In the development of that doctrine, the courts have consistently refused to extend this variance-by-estoppel principle to cases where the municipality has merely failed to act over a period of years, e.g., Hasage v. Philadelphia Zoning Board of Adjustment, 415 Pa. 31, 202 A.2d 61 (1964).*fn2 As this court has noted, the maintenance of an illegal use for many years "itself is not enough to justify a variance based upon a vested right, absent some evidence that the municipality involved knew or should have know of the illegal
[ 90 Pa. Commw. Page 354]
use. Municipal inaction alone cannot support a variance or a vested right." Lennox v. Zoning Board of Adjustment of the City of Pittsburgh, 67 Pa. Commonwealth Ct. 417, 422-23, 447 A.2d 1049, 1051 (1982). (Citation omitted.)
Mrs. Ignelzi contends, and the trial court agreed, that the city's issuance of the two occupancy permits sufficiently distinguishes the present situation from the cases where the municipality had merely failed to enforce the terms of the ordinance. She asserts that the approval of other than single-family use constituted the city's knowing acquiescence in multiple-dwelling use of the structure.
We cannot agree that the issuance of the permits entitled Mrs. Ignelzi to a variance by estoppel. Pittsburgh Ordinance 372 of 1923, which was in effect when the city issued the permits, provided at § 10: "[i]n a B Residence District the use regulations shall not be held to prevent the renting of rooms or lodgings or the serving of meals for compensation to not more than four (4) persons," and as noted above, the B-Residence district permitted two-family dwellings as of right.
Accordingly, with respect to the permitted residential uses, the approval of up to four roomers and of two-family occupancy did not indicate the city's acquiescence to any number of family dwelling units greater than two. Because this case falls squarely in line with our other cases holding that municipal inaction alone is insufficient grounds for the granting of a variance by estoppel, we conclude that the trial court erred as a matter of law in determining that Mrs. Ignelzi was entitled to continue the present use of her property on that basis.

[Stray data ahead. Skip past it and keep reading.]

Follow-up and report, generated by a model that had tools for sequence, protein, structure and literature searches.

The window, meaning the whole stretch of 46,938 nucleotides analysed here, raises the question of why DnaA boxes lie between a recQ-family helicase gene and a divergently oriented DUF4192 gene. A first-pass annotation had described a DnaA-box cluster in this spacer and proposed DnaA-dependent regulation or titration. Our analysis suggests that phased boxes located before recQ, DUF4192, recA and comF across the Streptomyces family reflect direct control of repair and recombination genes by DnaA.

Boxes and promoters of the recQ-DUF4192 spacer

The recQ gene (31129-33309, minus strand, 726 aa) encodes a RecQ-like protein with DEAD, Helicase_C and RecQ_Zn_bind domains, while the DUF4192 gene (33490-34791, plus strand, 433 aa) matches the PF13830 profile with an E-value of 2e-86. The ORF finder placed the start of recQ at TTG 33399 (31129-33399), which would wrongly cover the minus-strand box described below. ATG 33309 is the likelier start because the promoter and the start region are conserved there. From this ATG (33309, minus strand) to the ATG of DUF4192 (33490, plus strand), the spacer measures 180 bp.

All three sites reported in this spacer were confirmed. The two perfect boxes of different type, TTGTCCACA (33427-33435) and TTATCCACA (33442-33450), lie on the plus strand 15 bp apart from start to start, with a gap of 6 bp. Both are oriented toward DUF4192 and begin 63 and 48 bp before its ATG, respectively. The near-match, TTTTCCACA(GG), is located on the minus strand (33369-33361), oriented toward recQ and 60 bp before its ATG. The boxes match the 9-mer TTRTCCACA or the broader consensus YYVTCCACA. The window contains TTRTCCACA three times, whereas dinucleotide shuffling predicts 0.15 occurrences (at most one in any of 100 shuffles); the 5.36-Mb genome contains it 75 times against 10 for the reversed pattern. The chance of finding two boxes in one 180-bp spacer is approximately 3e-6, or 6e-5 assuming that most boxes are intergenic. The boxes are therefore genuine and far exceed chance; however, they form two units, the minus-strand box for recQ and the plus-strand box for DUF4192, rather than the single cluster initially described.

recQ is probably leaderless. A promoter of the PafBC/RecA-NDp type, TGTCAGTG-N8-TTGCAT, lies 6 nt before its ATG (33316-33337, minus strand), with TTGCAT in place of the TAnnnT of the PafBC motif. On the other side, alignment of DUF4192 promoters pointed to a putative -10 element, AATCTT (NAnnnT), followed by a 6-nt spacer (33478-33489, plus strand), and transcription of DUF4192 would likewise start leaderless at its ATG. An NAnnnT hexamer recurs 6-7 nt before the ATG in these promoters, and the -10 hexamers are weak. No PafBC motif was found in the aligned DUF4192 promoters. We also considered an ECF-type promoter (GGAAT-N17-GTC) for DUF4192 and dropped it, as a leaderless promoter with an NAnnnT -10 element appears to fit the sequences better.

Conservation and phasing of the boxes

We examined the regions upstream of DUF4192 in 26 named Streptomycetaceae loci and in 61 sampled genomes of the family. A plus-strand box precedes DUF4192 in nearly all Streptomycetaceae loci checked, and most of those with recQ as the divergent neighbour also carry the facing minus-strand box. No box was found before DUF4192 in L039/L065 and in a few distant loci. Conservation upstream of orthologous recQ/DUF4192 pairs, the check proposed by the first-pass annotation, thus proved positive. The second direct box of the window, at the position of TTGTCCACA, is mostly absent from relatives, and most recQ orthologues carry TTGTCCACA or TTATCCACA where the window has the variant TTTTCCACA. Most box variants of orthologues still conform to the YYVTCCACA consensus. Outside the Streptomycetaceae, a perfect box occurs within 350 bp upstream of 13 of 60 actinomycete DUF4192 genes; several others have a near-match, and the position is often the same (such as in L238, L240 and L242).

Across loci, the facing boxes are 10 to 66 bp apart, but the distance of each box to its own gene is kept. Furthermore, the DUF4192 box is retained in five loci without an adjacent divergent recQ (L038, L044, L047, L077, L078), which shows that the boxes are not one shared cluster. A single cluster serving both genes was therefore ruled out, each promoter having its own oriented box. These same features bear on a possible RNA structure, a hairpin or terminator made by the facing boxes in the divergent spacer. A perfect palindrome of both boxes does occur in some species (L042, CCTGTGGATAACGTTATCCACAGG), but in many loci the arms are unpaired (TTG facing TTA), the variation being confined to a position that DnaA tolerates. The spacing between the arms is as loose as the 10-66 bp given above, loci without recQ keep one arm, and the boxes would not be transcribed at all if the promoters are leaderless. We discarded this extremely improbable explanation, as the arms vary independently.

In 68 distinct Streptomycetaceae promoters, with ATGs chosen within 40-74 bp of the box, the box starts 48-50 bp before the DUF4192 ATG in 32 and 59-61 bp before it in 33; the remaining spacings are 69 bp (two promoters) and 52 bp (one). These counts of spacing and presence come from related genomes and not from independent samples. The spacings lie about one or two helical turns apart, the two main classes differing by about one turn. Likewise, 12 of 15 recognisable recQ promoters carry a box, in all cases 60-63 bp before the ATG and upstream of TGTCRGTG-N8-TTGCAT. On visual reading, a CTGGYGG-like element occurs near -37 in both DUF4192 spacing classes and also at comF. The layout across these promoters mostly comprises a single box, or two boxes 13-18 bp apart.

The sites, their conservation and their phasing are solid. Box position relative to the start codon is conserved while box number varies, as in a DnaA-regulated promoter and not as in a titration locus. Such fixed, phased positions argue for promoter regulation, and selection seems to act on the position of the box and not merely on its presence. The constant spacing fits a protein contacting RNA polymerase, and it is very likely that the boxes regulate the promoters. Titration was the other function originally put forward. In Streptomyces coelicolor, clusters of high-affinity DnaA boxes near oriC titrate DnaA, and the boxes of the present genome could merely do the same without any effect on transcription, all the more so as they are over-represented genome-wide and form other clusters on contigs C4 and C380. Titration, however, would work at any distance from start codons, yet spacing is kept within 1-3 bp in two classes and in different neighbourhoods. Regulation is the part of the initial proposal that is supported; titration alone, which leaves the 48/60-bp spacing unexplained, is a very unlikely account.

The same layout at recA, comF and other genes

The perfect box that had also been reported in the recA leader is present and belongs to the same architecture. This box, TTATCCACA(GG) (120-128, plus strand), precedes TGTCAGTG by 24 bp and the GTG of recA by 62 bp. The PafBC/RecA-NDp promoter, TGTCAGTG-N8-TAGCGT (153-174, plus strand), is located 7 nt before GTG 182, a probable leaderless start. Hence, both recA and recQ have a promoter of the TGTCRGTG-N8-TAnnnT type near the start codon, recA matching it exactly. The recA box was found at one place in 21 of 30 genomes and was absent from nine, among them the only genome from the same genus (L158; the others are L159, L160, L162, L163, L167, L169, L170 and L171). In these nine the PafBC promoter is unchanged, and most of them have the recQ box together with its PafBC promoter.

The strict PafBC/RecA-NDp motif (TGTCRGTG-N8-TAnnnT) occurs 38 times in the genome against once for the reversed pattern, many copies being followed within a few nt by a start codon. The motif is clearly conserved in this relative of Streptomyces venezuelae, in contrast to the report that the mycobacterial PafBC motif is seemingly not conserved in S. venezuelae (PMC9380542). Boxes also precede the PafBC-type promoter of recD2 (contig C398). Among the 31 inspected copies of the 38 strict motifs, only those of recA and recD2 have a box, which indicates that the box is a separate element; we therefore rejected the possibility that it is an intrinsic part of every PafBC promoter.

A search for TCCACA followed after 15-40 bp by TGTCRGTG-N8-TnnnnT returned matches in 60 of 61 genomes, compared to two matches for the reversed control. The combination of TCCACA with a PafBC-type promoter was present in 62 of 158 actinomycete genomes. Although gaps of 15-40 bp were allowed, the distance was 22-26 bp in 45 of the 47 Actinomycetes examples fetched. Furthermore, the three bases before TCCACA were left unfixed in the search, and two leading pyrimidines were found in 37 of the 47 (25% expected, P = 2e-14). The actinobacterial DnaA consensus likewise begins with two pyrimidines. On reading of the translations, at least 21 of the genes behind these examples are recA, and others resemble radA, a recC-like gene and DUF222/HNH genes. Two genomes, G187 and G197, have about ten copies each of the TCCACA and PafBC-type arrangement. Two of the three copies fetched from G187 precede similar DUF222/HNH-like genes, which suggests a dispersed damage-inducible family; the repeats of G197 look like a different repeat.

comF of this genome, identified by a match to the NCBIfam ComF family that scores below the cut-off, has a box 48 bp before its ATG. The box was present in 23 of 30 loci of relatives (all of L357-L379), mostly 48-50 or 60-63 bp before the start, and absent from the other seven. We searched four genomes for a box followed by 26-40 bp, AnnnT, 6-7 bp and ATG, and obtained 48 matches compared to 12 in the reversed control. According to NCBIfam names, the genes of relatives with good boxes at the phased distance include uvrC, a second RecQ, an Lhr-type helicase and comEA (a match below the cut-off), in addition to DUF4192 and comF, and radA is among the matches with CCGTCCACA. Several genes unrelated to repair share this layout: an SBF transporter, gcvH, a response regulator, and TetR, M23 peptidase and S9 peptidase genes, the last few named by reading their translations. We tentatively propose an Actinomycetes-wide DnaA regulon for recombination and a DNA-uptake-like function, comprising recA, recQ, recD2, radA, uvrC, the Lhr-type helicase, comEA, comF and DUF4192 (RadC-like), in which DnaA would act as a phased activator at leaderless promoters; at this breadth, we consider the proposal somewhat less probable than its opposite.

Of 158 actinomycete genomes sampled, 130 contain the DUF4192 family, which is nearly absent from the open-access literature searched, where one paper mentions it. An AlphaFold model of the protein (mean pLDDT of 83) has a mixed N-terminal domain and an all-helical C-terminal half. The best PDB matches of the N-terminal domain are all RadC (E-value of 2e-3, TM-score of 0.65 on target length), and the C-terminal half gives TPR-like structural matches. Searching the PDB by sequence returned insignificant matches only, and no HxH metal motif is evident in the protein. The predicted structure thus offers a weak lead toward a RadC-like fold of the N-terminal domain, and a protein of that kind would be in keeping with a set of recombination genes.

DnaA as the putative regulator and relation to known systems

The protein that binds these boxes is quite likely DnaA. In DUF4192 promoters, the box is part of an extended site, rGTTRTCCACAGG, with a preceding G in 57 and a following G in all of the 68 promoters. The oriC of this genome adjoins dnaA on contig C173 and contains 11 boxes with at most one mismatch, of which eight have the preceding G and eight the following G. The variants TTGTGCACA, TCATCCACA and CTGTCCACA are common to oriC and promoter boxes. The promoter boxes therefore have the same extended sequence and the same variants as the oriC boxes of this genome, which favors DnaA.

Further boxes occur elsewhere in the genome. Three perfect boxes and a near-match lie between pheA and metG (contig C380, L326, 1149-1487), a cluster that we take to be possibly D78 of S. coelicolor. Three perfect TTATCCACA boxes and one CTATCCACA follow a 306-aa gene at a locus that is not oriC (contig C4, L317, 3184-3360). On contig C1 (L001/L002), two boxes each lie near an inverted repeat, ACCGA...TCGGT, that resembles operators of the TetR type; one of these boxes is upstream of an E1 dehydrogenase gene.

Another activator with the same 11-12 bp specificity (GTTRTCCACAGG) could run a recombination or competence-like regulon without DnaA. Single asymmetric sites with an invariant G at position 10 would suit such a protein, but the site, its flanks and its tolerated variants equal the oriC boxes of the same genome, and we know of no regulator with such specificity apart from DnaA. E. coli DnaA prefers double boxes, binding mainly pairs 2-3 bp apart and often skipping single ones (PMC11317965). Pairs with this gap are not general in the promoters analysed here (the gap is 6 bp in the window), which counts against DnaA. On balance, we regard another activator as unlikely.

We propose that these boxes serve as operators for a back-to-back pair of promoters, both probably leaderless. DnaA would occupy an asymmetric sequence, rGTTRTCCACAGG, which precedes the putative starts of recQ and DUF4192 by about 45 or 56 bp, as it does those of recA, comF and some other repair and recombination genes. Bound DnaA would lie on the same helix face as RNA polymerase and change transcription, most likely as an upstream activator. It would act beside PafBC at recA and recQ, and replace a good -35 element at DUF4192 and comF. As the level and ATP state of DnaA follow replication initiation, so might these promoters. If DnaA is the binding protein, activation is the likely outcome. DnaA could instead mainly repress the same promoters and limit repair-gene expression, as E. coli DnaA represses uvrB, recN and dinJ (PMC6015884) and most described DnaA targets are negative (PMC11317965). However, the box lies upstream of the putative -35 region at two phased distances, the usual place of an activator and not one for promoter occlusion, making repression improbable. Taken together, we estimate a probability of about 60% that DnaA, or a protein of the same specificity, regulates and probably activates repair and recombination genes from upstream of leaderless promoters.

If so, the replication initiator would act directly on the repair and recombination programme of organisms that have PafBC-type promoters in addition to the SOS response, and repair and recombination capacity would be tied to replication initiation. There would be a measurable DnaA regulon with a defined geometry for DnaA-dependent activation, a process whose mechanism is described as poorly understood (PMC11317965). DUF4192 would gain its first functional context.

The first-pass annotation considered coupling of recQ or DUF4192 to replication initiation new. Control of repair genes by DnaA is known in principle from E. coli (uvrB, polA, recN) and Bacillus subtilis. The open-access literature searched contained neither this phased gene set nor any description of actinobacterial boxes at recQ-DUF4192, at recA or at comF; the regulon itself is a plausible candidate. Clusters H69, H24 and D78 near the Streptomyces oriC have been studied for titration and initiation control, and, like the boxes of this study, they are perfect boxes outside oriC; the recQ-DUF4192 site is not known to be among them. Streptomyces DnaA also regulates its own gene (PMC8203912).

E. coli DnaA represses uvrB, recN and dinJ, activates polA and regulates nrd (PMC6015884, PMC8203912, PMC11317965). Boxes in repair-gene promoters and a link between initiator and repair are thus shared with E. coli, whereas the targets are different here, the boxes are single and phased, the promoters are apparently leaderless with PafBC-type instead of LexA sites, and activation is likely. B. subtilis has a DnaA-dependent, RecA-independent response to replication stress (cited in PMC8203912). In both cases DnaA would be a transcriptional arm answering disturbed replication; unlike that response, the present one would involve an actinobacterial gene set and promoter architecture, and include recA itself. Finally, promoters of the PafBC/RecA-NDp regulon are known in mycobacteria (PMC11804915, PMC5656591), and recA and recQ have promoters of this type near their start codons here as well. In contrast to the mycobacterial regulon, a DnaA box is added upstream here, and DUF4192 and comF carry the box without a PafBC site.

With respect to Mrs. Ignelzi's contention before the trial court that the city's failure to enforce the
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provisions of the zoning ordinance with uniformity denied her equal protection, we note that she did not allege that the city based its enforcement decisions upon conscious discrimination against an identifiable group. Yick Wo v. Hopkins, 118 U.S. 356 (1886). Absent such an allegation, the validity of an ordinance is not compromised by the municipality's failure to prosecute successfully all of those who violate the terms of the ordinance. Ridley Township v. Pronesti, 431 Pa. 34, 244 A.2d 719 (1968); Valicenti's Appeal, 298 Pa. 276, 148 A. 308 (1929).
Before the trial court, Mrs. Ignelzi also advanced the argument that she was entitled to continue her current use of the property on a nonconforming use theory and that she was entitled to a variance on general variance principles. Because the referee and the trial court determined that she had acquired a vested right, there understandably are no findings and conclusions relevant to the other issues. Accordingly, we must remand the case to the trial court for findings and conclusions on the questions of (1) whether the evidence established a valid nonconforming use which predated the 1923 zoning ordinance and (2) whether the evidence established an undue hardship suffered by the property resulting from special conditions or unique circumstances of the property itself.
Now, July 10, 1985, the order of the Court of Common Pleas of Allegheny County, SA 626 of 1982, dated August 18, 1983, is reversed, and the case is remanded to that court for findings and conclusions relevant to the appellee's nonconforming use claim and remaining variance claim.
Reversed and remanded.